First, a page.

This course is Spirit-led application of spiritual practices/disciplines designed for self-renewal and spiritual transformation needed for authentic ministry.
This seminar discusses contemporary problems and issues relative to family wellness. It includes topics such as spousal interactions, problems in parenting, child abuse, aging and health, and other needs and crises at critical periods in the life cycle. (Identical to EDRE 710 and PHEL 678.)
An advanced course emphasizing homiletical theory, current preaching trends and models of experimental preaching techniques, current trends and practice of corporate worship. Prerequisite: six graduate units of preaching and worship.
A study of the biblical foundation and historical background of Christian worship with attention to principles, plans, methods, and resources for worship.
Study of the Adventist health message from revelation, scientific and educational perspectives. This course focuses on health, disease, and healing dynamics from revelation and scientific viewpoints. Emphasis is given to medical missionary work at the church and evangelistic levels. Simple techniques of maintaining personal health, and methods for combining the gospel and health are discussed. (Identical to PHFN 630.)
This course is offered in connection with a field school of evangelism. The first week offers classroom study of the skills for personal evangelism. The other two weeks are an in-residence study of basic planning, budget building, church participation, advertising, audio-visual aids for public evangelism, and dynamics and techniques of evangelism in which the students will participate.
This course covers planning, budget building, church participation, advertising, audiovisual aids for evangelism, and approaches to personal and public evangelism.
A study of the development and evaluation of various approaches of Christian ministry among the broad spectrum of Muslim peoples.
The course provides an overview of the entire church planting process. It discusses topics such as the need for church planting models, as well as basic plans for beginning a church plant. The course provides the needed criteria for the denomination to become a church planting movement, based on multiplication rather than addition. (Identical to MSSN 586/686/786.)
This course explores the foundational teachings and primary metaphors of leadership in the Bible. These teachings and metaphors are understood in the context of God’s large calling on the covenant community in redemptive history. Some attention is also given to contemporary metaphors for ministry.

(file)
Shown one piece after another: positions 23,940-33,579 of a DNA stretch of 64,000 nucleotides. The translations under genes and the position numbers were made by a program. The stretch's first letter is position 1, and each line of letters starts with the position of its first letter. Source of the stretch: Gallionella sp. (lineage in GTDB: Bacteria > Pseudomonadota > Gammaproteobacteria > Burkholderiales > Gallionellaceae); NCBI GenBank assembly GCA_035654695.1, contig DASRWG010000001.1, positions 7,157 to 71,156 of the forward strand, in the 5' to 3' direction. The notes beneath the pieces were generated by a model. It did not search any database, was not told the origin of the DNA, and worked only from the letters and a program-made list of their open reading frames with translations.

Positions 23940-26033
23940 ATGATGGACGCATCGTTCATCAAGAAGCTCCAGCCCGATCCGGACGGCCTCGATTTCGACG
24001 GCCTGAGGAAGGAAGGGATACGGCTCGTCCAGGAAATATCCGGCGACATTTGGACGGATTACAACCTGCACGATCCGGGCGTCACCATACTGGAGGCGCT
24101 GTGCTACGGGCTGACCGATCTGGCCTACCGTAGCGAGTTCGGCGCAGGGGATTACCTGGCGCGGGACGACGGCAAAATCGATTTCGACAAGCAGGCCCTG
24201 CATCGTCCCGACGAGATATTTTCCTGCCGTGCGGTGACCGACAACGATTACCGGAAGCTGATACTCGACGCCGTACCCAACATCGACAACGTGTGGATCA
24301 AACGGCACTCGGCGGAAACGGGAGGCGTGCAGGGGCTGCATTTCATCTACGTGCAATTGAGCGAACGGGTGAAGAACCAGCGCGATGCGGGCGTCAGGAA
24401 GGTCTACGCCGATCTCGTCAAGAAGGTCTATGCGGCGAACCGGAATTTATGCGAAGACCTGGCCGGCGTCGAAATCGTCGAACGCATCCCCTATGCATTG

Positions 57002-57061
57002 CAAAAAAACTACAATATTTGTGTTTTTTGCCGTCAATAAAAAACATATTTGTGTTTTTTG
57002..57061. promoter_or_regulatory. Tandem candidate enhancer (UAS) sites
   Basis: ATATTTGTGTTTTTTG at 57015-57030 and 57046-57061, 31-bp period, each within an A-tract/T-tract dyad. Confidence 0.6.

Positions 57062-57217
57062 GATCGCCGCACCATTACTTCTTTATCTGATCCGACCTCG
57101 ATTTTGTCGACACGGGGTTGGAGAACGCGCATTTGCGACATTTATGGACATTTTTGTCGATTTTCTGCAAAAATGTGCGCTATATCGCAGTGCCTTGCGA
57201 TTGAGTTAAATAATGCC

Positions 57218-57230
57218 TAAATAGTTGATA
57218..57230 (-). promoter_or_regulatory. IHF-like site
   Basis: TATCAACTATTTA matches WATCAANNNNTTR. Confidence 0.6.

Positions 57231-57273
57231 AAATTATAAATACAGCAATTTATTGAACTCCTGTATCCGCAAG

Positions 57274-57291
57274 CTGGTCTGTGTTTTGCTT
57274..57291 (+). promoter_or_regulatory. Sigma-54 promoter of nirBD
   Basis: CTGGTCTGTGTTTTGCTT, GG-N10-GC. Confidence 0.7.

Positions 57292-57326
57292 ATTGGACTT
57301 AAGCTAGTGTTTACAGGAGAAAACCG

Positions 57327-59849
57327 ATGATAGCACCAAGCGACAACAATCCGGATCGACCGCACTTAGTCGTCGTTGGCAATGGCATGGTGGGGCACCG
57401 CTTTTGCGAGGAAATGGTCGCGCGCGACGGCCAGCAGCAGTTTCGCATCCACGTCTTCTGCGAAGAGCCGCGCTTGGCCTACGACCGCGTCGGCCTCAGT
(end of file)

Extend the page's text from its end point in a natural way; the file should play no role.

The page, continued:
A study of leadership theories from various disciplines, as well as a biblical perspective on leadership principles and development. The course studies the financial and administrative structures of the Adventist Church and recommends procedures for church and mission administration. The Seventh-day Adventist Church Manual and the Working Policy serve as basic resource materials for the course.
The course investigates principles and practices of effective Christian leadership. It includes theological reflection, literature review, theory, and practice application of learning in the context of professional ministry. Emphasis is placed on developing the leadership potential of the student sand sharpening their skills in developing leaders from among those who are reached by their influence.
This course is designed to help pastoral leaders to intentionally develop leadership in the local church. Its main objective will be not only to fine tune an individual’s leadership skills, but to help the student to become a leader of leaders, who will have a plan for intentionally developing leadership in the local church. The subjects are ‘mentoring,’ ‘staffing from within and without,’ ‘motivating volunteers’, ‘finding spiritual gifts,’ and other related subjects.
This course will build upon the students understanding of the theoretical aspects of leadership and of administrative roles within the church. Secular and Christian ideas of leadership are examined and applied to the church and ministry environment.
Leadership is a process of motivating and influencing people to accomplish the goal of the organization. Its goal is to lead followers become effective and be able to achieve the focus of the institution under various conditions. In this rapid changing world leaders may confront many unpredictable challenges and crisis. This course is designed to handle and prepare leaders to create vision, generate courage in time of crises, and develop emotional intelligence in promoting core values. Further, it deals on leadership issues such as; trust and ethical behavior, role of mentor, and authentic leadership.
Servant leadership is rooted in the model of Jesus Christ in order to build a bridge between the church and the world. This course is designed to develop a theology of service and leadership that will be tested and practiced in their work, home, and church setting. This course will help the students to discern their vocation in the church and the world.